I hope African leaders are taking notes from Zimbabwe


On Wednesday the world woke up to some news from Zimbabwe that I’m not yet sure whether to categorize under good or bad, that Robert Mugabe has been ousted by the military.

Almost everyone was talking about it. On both social and mainstream media, people, both young and old were talking about it, with mixed reactions. Some rebuking the indecent treatment of the old man, saying coup de tats are actions of the past that have no place in the current society while the majority especially my fellow youth highly supported it.

Personally as much as I hate the means by which Mugabe was removed from power, I support the end. Most African leaders just don’t learn. Why don’t they learn from visionary leaders such as the late Thomas Sankara? Most of them are always purporting to have looked up to the late Icon, Nelson Mandela. But one would ask, then why don’t they live or even try to live like him?

Took a picture of the late Burkina Faso visionary, Thomas Sankara from the NewAfrican, December 2007 issue I found in a pile of old books

Mugabe is 93 years old, born in the year 1924. Someone was born at a time when slave trade was still a decent source of income and is still imposing his rule on the people in a supposedly Democratic country today (2017). Can you imagine! He’s also said to be the world’s most educated president (wonders will never end. Maybe that’s why most Kenyans believe he has much wisdom, with trends such as “Mugabe Quotes”).

We the people should decide who to lead us, and for how long. And what disturbs even more is the fact that the people, save for the minority are leading poor lives, living from hand to mouth. Most people are living in abject poverty, poor sanitation and ignorance. In my own country, at such an age, 54 years after independence we are still struggling with hunger.

Leaders want to be respected, treated with decency while they themselves don’t even respect us the people. They don’t treat us with dignity! So before Mugabe blames anybody, he should first blame himself for not leaving power willingly. He soiled his name himself.

Some people are partially blaming his wife Grace for his disgrace.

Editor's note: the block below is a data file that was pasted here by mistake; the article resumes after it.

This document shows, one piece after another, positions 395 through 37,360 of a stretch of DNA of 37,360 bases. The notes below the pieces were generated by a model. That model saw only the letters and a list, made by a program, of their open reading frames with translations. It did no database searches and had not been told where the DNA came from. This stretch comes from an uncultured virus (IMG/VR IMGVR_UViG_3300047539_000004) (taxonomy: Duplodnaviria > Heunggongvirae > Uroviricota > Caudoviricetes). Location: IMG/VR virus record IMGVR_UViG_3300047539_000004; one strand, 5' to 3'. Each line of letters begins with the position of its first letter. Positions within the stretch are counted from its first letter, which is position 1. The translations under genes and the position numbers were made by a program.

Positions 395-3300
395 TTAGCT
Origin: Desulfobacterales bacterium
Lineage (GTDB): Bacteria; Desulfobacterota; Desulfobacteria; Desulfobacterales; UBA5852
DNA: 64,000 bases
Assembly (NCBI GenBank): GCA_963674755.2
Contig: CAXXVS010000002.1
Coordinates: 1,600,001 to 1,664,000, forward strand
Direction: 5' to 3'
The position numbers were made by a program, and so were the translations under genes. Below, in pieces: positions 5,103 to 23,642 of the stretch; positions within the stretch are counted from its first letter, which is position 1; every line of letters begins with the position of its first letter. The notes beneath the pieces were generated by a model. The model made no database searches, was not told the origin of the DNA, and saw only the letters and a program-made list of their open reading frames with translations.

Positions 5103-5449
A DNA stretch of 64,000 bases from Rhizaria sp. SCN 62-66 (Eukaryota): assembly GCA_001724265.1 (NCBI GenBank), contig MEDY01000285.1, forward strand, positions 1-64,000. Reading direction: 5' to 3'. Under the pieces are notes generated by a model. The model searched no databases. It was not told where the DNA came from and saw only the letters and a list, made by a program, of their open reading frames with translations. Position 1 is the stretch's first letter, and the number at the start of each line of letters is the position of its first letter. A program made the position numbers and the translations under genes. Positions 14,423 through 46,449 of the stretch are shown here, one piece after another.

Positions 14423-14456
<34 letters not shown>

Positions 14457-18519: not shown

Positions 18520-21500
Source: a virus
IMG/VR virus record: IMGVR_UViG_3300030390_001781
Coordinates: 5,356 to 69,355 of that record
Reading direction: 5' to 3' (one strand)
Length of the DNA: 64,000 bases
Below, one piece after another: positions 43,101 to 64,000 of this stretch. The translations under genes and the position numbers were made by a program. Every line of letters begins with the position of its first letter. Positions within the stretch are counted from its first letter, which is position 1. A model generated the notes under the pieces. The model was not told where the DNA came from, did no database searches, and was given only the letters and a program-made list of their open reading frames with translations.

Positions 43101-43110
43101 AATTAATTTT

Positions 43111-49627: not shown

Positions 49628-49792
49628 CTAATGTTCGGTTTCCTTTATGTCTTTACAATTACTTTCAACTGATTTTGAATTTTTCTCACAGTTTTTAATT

The 52-year-old First Lady — 41 years younger than her husband — has ambitions of her own, and recently has been seen as the apparent heir to the throne. This was fuelled by last week sacking of the country’s vice president Emmerson Mnangagwi by Mugabe.

“The crisis has been triggered by Grace, because she wanted to grab power and to have Mugabe remove a lot of people,” — Shadrack Gutto, director of the Centre for African Renaissance Studies at the University of South Africa.

But you can expect nothing less from a woman who on August this year made headlines for the wrong reasons after she allegedly assaulted a model who was with her two sons in South Africa and had to be granted diplomatic immunity before she could leave the country. This woman is quite a character. Do you know she was awarded a doctorate by the University of Zimbabwe just three months after enrolling? But hear her husband is the chancellor of the university, so it’s not such a big surprise after all.

She has been accused of living extravagantly at a time most Zimbabweans are struggling to survive. Also too many unnecessary foreign trips and also allegedly involved in corruption. In some quarters, you will hear names like “The First Shopper”, “Gucci Grace”, or ” DisGrace” being thrown in her direction. And as I’m writing this, she’s breathing from Namibia where she fled to.

Coincidentally she was born in that same country — South Africa — before later on becoming Mugabe’s secretary, where they started their affair around 1987. Sired two children out-of-wedlock, before the death of Mugabe’s first wife, Sally Francesca in 1992. Grace married Mugabe in 1996 in a ceremony that was attended by Nelson Mandela.

When the military took over power, they said through the State TV that they will bring “criminals” close to Mugabe to justice. Let’s wait and see.

To the other African leaders, especially heads of states and those with ambitions of one day taking over the mantle, hope you are taking notes. Only a fool will not take something from the recent happenings in Zimbabwe.

It comes a time when the people can’t take it anymore. Comes a time when the people in one voice will stand up and say enough is enough. They will get rid of their “enemies” through any means at their disposal. After all the end justifies the means.

In Africa we’ve witnessed some of the world’s longest-serving presidents with the likes of Teodoro Obiang Nguema of the Equatorial Guinea who is almost hitting 40 years as a president. Not just him, we have our very own neighbour, Yoweri Museveni of Uganda, mother’s homeland with over 30 years in power and still trying to alter the Constitution to add himself more years. In the same bracket we have Paul Biye of Cameroon, King Mswati — famous for marrying teenagers. On the fourteenth wife if I’m not wrong, and still counting — of Swaziland, Omar al–Bashir — the president who has spent most of his presidency looking over his shoulders. ICC scares sometimes. Hahaha) of Sudan and last but not least, Idriss Deby of Chad.

We just want all this wazees to go, they are doing more harm than good to our young democracy.

Now Mugabe down. By the way why didn’t he seek some advice from Jose Eduardo dos Santos, the former president of Angola, the other long serving president? I’m sure they were friends. Now his tenure is ending in disgrace just like the name of his wife “DisGrace”.

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